Longer-Run Effects of Anti-Poverty Policies on Disadvantaged Neighborhoods
We estimate the longer-run effects of minimum wages, the Earned Income Tax Credit, and welfare on key economic indicators of economic self-sufficiency in disadvantaged neighborhoods. Our strongest findings are twofold. First, the longer-run effects of the EITC are to increase employment and to reduce poverty and public assistance, as long as we rely on national as well as state variation in EITC policy. Second, tighter welfare time limits also reduce poverty and public assistance in the longer run; while the effect on public assistance result may be mechanically related to loss of benefits, the effect on poverty is more likely behavioral. It is harder to draw firm conclusions about minimum wages and welfare benefits. With some specifications and samples, the evidence suggests that higher minimum wages lead to longer-run declines in poverty and the share of families on public assistance, whereas higher welfare benefits have adverse longer-run effects. However, the evidence on minimum wages and welfare benefits is not robust – and the estimated effects of minimum wages are sometimes in the opposite direction, including when we restrict the analysis to more recent data that is likely of more interest to policymakers.
We thank the Laura and John Arnold Foundation and the Employment Policies Institute for support for this research. Asquith gratefully acknowledges funding from the Alfred P. Sloan Foundation (grant G-2017-9813) and the National Bureau of Economic Research (NBER). Any opinions or conclusions expressed are the authors’ own and do not necessarily reflect those of the Laura and John Arnold Foundation, Employment Policies Institute, the Sloan Foundation, or the NBER. The funders have had no control over the content or conclusions of this research. We received helpful comments from Matt Freedman, Hilary Hoynes, Joe Sabia, and from seminar/conference participants at Bar Ilan University, DIW-Berlin, Hebrew University, IZA, the Melbourne Institute, Nanyang Technical University, the National Tax Association Annual Conference, the National University of Singapore, the Norwegian School of Economics, Singapore Management University, the Tinbergen Institute, Tulane, UC-Berkeley, UCI, Université Catholique de Louvain, and the University of Sydney. We are grateful for helpful research assistance from Luis Munguia Corella. The views expressed herein are those of the authors and do not necessarily reflect the views of the National Bureau of Economic Research.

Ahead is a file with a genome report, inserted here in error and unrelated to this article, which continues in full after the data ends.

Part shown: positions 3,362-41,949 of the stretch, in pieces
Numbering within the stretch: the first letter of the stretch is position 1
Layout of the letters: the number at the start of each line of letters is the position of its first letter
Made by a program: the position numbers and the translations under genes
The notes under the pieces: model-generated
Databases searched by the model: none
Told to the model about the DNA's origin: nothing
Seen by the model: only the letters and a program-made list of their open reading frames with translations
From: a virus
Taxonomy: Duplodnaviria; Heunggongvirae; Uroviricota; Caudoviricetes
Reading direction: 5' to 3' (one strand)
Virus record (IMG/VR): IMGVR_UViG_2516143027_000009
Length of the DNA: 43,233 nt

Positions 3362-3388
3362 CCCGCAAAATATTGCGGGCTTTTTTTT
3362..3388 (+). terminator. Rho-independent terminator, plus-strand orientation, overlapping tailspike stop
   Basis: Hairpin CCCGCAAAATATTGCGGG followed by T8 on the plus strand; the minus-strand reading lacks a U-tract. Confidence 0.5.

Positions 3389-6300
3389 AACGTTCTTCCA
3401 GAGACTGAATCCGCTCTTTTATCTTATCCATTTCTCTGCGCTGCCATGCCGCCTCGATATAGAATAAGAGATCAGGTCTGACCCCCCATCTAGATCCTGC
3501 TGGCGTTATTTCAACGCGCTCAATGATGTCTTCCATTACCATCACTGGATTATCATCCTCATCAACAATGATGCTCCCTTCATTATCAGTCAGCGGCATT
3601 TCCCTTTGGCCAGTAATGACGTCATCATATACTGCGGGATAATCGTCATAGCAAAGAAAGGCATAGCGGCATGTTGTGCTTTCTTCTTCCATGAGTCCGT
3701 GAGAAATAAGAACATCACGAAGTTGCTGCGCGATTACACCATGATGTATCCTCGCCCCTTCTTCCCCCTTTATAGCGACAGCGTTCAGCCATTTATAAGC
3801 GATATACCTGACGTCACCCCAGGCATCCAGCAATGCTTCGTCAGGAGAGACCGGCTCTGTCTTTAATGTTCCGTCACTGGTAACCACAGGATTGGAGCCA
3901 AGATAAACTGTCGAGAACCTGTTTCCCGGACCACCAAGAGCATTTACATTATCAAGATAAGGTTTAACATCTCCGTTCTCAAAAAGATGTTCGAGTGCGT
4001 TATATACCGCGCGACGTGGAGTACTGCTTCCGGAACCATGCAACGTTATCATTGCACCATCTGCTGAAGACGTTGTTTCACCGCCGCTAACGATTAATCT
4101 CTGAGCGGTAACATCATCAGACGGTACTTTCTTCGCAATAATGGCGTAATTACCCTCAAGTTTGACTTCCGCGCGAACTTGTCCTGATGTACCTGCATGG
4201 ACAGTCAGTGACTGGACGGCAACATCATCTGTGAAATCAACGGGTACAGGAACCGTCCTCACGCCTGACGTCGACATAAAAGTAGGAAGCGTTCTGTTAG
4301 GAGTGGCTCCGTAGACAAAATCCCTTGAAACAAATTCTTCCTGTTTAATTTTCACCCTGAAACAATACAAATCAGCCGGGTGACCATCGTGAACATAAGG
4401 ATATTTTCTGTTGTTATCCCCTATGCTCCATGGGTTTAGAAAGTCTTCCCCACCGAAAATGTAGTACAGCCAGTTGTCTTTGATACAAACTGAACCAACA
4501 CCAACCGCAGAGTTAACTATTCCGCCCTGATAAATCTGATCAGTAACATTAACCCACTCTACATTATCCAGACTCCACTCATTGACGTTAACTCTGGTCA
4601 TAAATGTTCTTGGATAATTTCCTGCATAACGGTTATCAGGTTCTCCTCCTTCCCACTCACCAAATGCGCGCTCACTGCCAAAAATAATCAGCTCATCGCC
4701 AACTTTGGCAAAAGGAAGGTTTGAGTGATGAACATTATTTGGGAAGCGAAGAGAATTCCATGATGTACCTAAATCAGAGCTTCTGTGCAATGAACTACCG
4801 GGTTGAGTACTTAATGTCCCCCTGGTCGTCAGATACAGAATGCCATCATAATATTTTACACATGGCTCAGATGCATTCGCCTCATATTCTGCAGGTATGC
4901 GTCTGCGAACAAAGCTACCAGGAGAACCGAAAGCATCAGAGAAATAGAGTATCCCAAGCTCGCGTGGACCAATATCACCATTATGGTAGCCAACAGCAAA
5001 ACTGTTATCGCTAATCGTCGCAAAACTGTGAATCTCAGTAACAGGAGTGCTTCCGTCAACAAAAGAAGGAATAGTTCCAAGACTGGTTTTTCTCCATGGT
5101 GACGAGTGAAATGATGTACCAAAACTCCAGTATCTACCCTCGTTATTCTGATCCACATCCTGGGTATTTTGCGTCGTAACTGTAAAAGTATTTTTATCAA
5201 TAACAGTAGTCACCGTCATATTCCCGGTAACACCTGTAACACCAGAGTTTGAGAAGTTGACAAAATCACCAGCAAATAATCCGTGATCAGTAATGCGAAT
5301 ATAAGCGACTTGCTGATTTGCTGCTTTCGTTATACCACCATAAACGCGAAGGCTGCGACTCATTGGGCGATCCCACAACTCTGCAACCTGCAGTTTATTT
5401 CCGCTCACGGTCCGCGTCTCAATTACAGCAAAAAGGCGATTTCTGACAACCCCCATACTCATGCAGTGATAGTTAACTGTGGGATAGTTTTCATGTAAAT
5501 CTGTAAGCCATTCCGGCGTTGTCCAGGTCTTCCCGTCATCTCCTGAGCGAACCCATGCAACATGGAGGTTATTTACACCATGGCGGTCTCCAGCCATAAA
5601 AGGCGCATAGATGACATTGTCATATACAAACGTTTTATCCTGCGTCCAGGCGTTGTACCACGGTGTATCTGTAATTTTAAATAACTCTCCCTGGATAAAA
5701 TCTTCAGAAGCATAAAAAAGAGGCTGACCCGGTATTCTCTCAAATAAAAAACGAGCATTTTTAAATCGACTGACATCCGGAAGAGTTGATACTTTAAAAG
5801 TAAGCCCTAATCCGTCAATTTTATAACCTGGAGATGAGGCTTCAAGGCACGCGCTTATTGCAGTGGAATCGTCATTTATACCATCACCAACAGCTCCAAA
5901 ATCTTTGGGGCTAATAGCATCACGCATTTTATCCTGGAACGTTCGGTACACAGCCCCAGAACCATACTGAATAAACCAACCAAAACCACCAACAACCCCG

David Neumark & Brian Asquith & Brittany Bass, 2020. "LONGER‐RUN EFFECTS OF ANTI‐POVERTY POLICIES ON DISADVANTAGED NEIGHBORHOODS," Contemporary Economic Policy, vol 38(3), pages 409-434. citation courtesy of